The reality is that our instincts have probably served us pretty well over time. Most people don’t rise to levels of significant responsibility—or read articles like this for that matter—if they have a track record of making horrible decisions. It’s also true that we need to check our instincts by staying curious. Curiosity prevents us from settling for what we have and invites us to think about what’s possible. It forces us to ask both why? and why not?
Research has established a business case for curiosity as well. Harvard Business School professor, Francesca Gino, offers an example. She recruited 200 employees from a variety of organizations. About half received a text twice each week that asked what they were curious about and encouraged them to ask more why questions as they approach their work. The other group (the control group) was asked by text what they were going to focus on or accomplish that day. At the end of just 4 weeks, the group that was encouraged to be curious demonstrated more innovative behaviors at work and offered more creative and constructive solutions to pressing problems.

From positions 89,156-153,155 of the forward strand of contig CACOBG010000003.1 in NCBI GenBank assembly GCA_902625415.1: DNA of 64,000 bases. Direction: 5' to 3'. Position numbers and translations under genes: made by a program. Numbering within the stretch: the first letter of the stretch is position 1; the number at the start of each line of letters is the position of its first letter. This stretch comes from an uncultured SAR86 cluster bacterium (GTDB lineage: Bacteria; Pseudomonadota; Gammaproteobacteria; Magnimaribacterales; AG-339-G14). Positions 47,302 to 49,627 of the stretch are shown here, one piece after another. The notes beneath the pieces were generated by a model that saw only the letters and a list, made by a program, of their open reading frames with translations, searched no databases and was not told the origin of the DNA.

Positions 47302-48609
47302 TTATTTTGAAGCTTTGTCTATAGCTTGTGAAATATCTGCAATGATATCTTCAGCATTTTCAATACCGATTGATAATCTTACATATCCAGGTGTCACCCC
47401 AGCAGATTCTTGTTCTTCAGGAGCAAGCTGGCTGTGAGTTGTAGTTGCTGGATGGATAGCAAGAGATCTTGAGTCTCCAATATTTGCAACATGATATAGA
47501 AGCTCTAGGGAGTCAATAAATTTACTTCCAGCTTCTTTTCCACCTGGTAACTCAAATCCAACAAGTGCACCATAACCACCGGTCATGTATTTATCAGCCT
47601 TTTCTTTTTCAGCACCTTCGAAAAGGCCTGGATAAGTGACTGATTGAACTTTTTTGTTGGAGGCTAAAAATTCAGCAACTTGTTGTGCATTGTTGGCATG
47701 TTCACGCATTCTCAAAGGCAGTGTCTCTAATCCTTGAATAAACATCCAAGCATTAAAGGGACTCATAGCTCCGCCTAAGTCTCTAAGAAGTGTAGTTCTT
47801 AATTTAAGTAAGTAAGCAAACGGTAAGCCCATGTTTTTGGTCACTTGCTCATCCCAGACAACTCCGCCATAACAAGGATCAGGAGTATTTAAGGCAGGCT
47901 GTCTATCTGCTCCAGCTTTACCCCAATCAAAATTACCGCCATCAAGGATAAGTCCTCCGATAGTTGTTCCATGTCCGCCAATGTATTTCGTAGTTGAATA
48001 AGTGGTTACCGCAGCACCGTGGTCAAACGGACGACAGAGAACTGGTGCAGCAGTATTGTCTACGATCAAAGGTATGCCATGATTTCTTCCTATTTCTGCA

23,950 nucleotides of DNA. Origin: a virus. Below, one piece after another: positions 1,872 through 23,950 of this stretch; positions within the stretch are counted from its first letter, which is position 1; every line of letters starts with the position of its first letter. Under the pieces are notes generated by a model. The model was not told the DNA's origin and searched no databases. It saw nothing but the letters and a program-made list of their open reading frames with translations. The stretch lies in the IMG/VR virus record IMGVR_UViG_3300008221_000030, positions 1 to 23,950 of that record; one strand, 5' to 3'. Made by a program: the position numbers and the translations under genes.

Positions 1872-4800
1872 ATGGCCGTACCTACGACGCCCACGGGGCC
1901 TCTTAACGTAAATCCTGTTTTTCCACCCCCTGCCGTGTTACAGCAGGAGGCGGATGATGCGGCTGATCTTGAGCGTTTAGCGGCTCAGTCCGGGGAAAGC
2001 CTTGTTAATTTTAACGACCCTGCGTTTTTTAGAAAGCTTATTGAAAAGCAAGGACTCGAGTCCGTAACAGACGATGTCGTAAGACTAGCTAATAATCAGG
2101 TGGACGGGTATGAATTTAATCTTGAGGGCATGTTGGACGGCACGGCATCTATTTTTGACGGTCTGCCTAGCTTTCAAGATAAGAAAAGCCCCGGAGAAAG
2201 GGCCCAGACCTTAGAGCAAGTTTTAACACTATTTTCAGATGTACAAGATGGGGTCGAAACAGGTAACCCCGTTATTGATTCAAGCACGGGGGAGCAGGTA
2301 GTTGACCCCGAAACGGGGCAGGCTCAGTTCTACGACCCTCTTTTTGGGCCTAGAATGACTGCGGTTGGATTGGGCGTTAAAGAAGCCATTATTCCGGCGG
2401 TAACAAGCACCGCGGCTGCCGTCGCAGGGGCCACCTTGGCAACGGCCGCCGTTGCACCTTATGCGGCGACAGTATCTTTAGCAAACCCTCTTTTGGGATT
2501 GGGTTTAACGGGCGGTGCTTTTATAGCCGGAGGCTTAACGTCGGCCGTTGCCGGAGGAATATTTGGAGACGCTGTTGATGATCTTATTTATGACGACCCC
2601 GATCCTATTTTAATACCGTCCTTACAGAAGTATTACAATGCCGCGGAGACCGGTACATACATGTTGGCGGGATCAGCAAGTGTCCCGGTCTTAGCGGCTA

Remember, filters can be both good and bad. Appreciate how your filters help you focus on your priorities but beware that those same filters can create dangerous blind spots. The challenge is that we become so comfortable wearing our glasses that we forget we have them on. In the coming week, why not make a special effort to see something differently?
Dr. Mike Patterson is an author, speaker, and master facilitator who helps leaders and teams communicate, collaborate, and manage conflict more effectively. He is the co-author of the highly acclaimed book, Have a Nice Conflict: How to Find Success and Satisfaction in the Most Unlikely Places, and he teaches in the doctoral programs at Pepperdine University’s Graduate School of Education and Psychology and California Baptist University.
© 2021 Michael L. Patterson, Ed.D.